Armando Saldate, Jr. had been adjudged to be a liar on four occasions and a lawbreaker on five others.
No rational person would accept his word as an adequate basis to do anything of importance — let alone as a basis to take a life.
But we do not speak of rational people today. We speak of the criminal justice system. And the criminal justice system is choked with people it has thoroughly captured — people irrationally convinced of, or indifferent to, the credibility of people like Armando Saldate, Jr.
That's because Armando Saldate, Jr. was a police officer.
The State of Arizona, based on almost nothing but Saldate's word, has been trying to kill Debra Jean Milke for nearly a quarter-century. Today the United States Court of Appeals for the Ninth Circuit said they can't.
Two men murdered Debra Milke's four-year-old son, Christopher. Armando Saldate, Jr. claimed that she confessed involvement in the crime to him. He claimed that she did so in a private interrogation he conducted without recording it — though he had been specifically instructed to record it. There was no physical evidence against Milke. The two men who killed her son did not implicate her — in fact, they denied she was involved. The case against her rested on Saldate's word. The prosecutors — the State of Arizona — accepted Saldate's word uncritically. That's what the state does. If the state begins to imagine that cops lie — if the state considers the possibility that its agents are not always reliable — well, that's too frightening for the state to contemplate.
Too often jurors, rendered dull and credulous by decades of "law and order" rhetoric and a media that cares more for ratings than accuracy, are also inclined to reward police officers with uncritical trust. Here, they might not have. Here, the facts might have moved jurors to consider the possibility that Armando Saldate, Jr. is not a man whose word should be believed at all, let alone believed enough to send a woman to her death. That's because multiple courts had found that Armando Saldate, Jr. had lied about criminal cases. Multiple courts had found that Armando Saldate, Jr. had committed misconduct violating the rights of defendants — including with respect to interrogations. Armando Saldate, Jr. had lied repeatedly under oath, had "taken liberties" with a woman he had detained in a traffic stop, had handcuffed a juvenile to a table without cause, had interrogated an incoherent suspect with a head injury in his hospital bed, had interrogated an intubated patient in intensive care.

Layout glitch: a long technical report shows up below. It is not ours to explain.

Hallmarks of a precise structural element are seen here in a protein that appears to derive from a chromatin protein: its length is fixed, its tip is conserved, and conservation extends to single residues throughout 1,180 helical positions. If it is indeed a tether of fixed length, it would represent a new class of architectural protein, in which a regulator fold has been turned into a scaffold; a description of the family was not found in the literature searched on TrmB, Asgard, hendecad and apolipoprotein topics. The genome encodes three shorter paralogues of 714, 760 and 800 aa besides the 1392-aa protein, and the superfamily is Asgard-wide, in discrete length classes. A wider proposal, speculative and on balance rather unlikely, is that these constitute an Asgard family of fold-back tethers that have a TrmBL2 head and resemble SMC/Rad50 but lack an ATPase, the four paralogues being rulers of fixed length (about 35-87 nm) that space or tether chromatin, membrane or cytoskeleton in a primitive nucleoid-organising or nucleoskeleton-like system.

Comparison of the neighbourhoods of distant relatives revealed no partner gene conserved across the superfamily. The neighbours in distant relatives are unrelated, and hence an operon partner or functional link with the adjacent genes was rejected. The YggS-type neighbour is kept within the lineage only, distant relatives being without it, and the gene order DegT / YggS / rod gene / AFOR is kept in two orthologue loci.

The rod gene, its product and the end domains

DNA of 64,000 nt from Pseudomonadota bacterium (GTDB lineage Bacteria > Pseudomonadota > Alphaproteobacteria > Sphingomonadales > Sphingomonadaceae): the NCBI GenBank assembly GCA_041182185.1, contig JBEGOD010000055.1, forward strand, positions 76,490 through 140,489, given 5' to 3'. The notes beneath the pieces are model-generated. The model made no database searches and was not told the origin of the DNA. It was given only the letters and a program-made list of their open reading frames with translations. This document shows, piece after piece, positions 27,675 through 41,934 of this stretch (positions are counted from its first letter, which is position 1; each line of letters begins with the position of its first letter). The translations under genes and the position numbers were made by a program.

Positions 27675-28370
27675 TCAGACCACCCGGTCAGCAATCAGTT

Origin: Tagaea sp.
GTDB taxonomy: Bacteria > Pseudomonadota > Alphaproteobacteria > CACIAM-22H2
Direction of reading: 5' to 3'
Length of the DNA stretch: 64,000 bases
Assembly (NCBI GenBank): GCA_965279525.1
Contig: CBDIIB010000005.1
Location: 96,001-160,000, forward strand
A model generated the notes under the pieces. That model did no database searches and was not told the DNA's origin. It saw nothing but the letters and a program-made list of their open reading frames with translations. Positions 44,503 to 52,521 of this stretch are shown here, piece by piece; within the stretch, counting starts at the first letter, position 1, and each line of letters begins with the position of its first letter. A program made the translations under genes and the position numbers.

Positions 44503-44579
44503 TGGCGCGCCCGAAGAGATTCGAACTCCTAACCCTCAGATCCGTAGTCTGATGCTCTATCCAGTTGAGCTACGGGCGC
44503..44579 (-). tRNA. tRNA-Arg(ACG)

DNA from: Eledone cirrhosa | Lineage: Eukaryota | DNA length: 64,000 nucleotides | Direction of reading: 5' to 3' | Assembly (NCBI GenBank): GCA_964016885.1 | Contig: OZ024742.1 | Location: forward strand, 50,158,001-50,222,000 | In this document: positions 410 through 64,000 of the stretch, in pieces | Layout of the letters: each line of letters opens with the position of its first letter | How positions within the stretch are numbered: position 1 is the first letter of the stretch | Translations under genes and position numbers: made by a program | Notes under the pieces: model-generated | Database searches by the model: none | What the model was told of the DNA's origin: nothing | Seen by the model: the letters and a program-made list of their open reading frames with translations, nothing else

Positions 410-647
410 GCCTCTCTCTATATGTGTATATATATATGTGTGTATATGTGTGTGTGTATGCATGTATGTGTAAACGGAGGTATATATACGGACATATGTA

Yes, these facts might have led jurors to doubt the word of Armando Saldate, Jr. The State of Arizona — through its prosecutors — eliminated that dangerous possibility by withholding Saldate's record from the defense in the prosecution of Debra Milke. As Judge Kozinski said in today's Ninth Circuit opinion:
This history includes a five-day suspension for taking “liberties” with a female motorist and then lying about it to his supervisors; four court cases where judges tossed out confessions or indictments because Saldate lied under oath; and four cases where judges suppressed confessions or vacated convictions because Saldate had violated the Fifth Amendment or the Fourth Amendment in the course of interrogations. And it is far from clear that this